First, as weve said before, we think some kind of periodic anti-corrosion treatment for light aircraft is a must. As airplanes age, corrosion is their worst enemy and more frequently than ever, were seeing corrosion damage thats uneconomic to repair. The means to avoid this exists in the form of anti-corrosion materials such as ACF-50 and Corrosion X.
In our last investigation of these materials, we concluded that Corrosion X and ACF-50 lead the GA market because both companies have aggressively marketed systems to make it practical to fog the innards of a small airplane. Our field trials at the time suggested that both are effective and that one performs no better than the other. Corrosion X seems to enjoy the edge in customer support niceties such as fogging equipment and packaging options and has been much more open than Lear in answering technical questions forthrightly. Further, we do have concerns about ACF-50s consistency from batch to batch.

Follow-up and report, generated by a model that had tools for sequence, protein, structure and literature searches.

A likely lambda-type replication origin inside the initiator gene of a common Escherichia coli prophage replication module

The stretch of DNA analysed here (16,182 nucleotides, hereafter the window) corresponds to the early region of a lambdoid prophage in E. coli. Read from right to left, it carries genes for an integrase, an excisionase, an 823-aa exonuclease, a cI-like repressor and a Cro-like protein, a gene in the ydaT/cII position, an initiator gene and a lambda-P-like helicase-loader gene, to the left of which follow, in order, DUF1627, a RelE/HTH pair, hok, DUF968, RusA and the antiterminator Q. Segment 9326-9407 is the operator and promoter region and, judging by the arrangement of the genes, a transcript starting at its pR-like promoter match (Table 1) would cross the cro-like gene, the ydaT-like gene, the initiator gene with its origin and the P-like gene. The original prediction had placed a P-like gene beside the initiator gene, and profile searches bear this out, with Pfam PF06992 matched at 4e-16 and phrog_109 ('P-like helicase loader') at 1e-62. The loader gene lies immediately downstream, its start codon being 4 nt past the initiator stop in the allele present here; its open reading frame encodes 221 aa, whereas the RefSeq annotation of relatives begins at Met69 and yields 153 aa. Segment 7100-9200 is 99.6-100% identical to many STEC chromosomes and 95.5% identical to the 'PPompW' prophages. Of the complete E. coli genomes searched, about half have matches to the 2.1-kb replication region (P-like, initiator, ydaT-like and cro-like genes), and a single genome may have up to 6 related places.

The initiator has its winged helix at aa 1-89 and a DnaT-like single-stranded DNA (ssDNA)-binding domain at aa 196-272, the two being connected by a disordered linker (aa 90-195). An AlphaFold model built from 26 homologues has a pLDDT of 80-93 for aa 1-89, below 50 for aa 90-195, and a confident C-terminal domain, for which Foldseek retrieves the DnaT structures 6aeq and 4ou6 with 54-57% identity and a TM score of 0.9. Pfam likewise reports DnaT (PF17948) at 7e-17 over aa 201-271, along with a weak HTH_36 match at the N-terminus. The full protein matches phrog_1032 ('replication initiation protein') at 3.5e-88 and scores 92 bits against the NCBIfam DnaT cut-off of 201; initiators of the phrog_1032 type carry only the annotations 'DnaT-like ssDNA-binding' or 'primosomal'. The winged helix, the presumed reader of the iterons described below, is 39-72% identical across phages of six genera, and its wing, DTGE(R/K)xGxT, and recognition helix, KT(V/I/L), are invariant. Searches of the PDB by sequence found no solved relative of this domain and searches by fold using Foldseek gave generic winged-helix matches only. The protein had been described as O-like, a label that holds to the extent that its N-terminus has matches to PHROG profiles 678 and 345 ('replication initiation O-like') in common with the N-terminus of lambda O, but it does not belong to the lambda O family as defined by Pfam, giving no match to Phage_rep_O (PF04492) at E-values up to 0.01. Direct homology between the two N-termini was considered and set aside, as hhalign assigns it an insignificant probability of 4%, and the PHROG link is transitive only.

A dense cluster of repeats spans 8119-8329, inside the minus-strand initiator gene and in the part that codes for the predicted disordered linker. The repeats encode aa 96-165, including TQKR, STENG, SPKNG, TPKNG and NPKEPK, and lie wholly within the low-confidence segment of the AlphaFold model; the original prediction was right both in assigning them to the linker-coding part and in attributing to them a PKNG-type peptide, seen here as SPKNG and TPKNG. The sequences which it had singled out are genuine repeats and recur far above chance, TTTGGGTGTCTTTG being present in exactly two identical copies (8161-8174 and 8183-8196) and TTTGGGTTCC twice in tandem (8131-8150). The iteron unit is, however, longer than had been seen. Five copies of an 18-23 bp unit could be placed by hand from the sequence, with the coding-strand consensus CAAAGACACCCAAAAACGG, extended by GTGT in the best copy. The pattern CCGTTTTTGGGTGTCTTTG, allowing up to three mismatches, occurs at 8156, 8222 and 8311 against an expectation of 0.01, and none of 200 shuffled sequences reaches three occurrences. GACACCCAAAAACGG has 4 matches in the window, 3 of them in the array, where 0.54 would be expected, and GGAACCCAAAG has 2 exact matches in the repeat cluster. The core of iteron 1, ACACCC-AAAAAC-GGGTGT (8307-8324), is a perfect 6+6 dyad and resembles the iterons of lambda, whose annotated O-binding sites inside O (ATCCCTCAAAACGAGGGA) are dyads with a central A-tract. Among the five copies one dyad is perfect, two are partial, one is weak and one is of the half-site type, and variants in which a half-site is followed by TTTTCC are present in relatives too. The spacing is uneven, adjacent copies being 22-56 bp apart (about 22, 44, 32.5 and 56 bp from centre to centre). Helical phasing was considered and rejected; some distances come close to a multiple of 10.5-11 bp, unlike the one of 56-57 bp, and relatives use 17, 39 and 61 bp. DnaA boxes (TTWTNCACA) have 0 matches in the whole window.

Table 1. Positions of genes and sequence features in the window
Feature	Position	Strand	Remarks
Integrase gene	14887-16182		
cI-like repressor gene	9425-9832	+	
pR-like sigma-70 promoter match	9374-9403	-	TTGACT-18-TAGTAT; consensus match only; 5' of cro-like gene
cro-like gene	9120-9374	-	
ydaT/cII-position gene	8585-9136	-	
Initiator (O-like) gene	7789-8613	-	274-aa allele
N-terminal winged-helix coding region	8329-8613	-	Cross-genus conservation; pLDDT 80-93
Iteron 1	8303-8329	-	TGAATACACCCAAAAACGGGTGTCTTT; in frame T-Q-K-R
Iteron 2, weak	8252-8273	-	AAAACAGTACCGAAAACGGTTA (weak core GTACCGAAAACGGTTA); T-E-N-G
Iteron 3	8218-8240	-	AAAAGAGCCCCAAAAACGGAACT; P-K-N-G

In a perfect world, you could use any material you like on your aircraft. But we dont live in a perfect world and the FAA occasionally intervenes. We think its unlikely that the FAA would spank a shop for using non-MilSpec approved ACF-50. Nonetheless, we know there are inspectors in the field who might decide to do just that. In any case, were troubled by Lear Chemicals fuzzy labeling. For shops or businesses that do care about such things, the labeling implies that ACF-50 is MilSpec approved when it is not.
In our 1997 report, we discovered that Lears spray cans contained 18.1 percent methylene chloride, a hazardous material and known carcinogen. This fact was omitted from the ACF-50 labeling and product data sheet. Lear told us then that this warning was inadvertently overlooked and, in any case, the company later switched to a carbon dioxide propellant.
Bottom line: ACF-50 seem to perform as claimed but we also think Lear ought to be more accurate in its labeling, protecting shops and owners against any beefs with the FAA, however trivial the risk.
-By Coy Jacob
Coy Jacob owns The Mod Squad in Venice, Florida. Hes an Aviation Consumer contributing editor.